My name is Saadat, and I am a Program Associate at FRIDA. Today I would like to share a story about a fascinating young feminist collective from Eastern Siberia in Russia. This learning visit was a long-awaited opportunity for me. As a Central Asian feminist, I was eager to build solidarity across borders with my feminist sisters in North Asia, and FRIDA’s contribution in facilitating such connections between underrepresented feminist groups and experiences from different regions is invaluable.
I Am Freedom is a feminist collective from Ulan – Ude, the capital of Buryat Republic with the goal of uniting young feminist women to provide mutual support through digital activism. It is FRIDA’s only grantee partner from North Asia and is located in one of the most remote areas of Russian Federation. Buryat Republic is a federal subject of Russia, located in Siberia, that forms a major part of North Asia. To give you an idea, this is where I went. Did you know, that to simply get to Ulan-Ude is a long and difficult journey, involving an airplane ride and a 6-hour bus ride around Lake Baikal? Nevertheless, I was eager to build solidarity across borders with my feminist sisters in North Asia.
Beyond their geography, this group interested me due to the historic and cultural background shared by my people, the Kyrgyz, and the Buryat (e.g. nomadic heritage, Russian colonization, marginalized indigenous Asian population). I wanted to learn what similarities exist in feminist movement building processes happening in both regions and how we we can better exchange our experiences and support each other despite the border that separates us. Due to its limited decision-making power and geographical remoteness as a region, North Asia is often underrepresented in larger social justice movements. We had a discussion on how the opportunities and resources available to European Russia are simply not accessible to this part of Russia. This is further exacerbated by the “foreign agent” law, which prevents what little funding opportunities would be available to a remote region like Buryatia.
At the time of my visit, one of the biggest issues facing grassroots feminist organizing in Buryatia was the rise of the anti-abortion and anti-reproductive choice movement. I am Freedom began their feminist activism as a response to this and the patriarchal interpretation of the traditional role of young women in Buryat community. The image of “traditional women” both in Buryat and Kyrgyz society is often used by traditional and religious fundamentalists to portray women as subordinate and subjugate women’s right to free choice. This overwhelming focus preserving an ethnic identity does not necessarily emancipate women to make their own choices.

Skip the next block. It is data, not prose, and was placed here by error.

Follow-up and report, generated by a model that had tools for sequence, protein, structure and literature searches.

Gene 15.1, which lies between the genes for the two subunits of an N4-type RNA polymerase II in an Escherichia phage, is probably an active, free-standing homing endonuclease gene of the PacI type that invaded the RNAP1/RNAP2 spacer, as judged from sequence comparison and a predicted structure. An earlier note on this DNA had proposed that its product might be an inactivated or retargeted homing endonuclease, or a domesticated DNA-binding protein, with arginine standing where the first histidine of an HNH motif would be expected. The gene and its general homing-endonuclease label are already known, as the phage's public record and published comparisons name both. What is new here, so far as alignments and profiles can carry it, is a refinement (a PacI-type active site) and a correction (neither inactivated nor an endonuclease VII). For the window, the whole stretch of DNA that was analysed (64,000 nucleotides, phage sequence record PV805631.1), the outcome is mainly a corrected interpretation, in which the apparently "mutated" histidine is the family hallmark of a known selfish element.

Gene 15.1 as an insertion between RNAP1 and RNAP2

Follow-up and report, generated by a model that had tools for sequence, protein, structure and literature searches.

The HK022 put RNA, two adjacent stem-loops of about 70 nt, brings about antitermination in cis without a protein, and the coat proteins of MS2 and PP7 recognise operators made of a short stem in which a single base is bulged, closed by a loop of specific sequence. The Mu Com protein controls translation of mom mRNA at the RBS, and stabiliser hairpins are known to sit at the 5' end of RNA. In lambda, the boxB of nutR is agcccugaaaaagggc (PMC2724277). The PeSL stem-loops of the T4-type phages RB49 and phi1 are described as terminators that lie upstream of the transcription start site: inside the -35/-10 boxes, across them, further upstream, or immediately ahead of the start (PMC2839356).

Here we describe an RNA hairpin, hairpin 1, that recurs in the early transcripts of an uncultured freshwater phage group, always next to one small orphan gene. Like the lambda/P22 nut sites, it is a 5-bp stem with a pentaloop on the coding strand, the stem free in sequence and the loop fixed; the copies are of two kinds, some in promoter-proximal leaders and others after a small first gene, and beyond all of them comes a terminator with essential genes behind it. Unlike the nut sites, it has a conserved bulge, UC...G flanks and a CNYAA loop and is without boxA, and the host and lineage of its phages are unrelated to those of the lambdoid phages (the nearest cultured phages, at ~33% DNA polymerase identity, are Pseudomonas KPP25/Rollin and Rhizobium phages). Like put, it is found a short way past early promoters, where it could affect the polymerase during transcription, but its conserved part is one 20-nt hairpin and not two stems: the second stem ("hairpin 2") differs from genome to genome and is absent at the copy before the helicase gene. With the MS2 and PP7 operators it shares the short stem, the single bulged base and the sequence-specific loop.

The young women of I Am Freedom met each other in one of the public city spaces, where they had a couple of counscisioness raising discussions and began self-organizing. The activists use social media as their main tool for awareness raising, mobilization and female solidarity building among young women in Ulan-Ude. The members of I Am Freedom have now become fierce feminist advocates and opinion makers in Ulan-Ude. Before they came onto the scene, feminism was all but invisible in the city. Their online activism encouraged many young women to stand up for themselves and fight for respect. Increased feminist public discourse also opened up conversations on the issues of violence against women and sexual and reproductive rights that are considered taboo topics in Buryat culture. Some of the group members shared with me that feminism greatly impacted their own personal life and empowered them to make their own choices and live free from violence.
Due to constant attacks from anti-rights and hate groups, safety and security is considered a top priority for most feminist groups we support, and this group is no exception. During my visit, we discussed their safety and security practices as well as horizontal decision making. As any marginalized and underrepresented group, this group’s members had already been practicing their own security routines to keep each other safe, and we planned what could be done to enhance their capacity and take back the meaning of word “security” and make it our own. While having these discussions, I learned that I Am Freedom members are very supportive of each other and driven by a sense of community care. For me this is one of the most important aspects of a feminist understanding of safety and resilience. I am convinced that on-the-ground community support is the most valuable capacity that any grassroots groups could have.
In general, I love how they bring feminism wherever they go – libraries, museums, business projects, media interviews, etc. Working with them over the course of two days, I saw that their main strength is their collective spirit and commitment to the cause. Moreover, they bring their own unique experiences to their activist work which makes it compelling for their audience. FRIDA’s contribution in supporting small emerging local groups like I Am Freedom is a significant action in the cause of strengthening the global feminist movement. When young feminists connect or meet each other in-person, they realize they are not alone. Fem sisters are everywhere, and we won’t stop until we build the world that we are safe and happy to be in!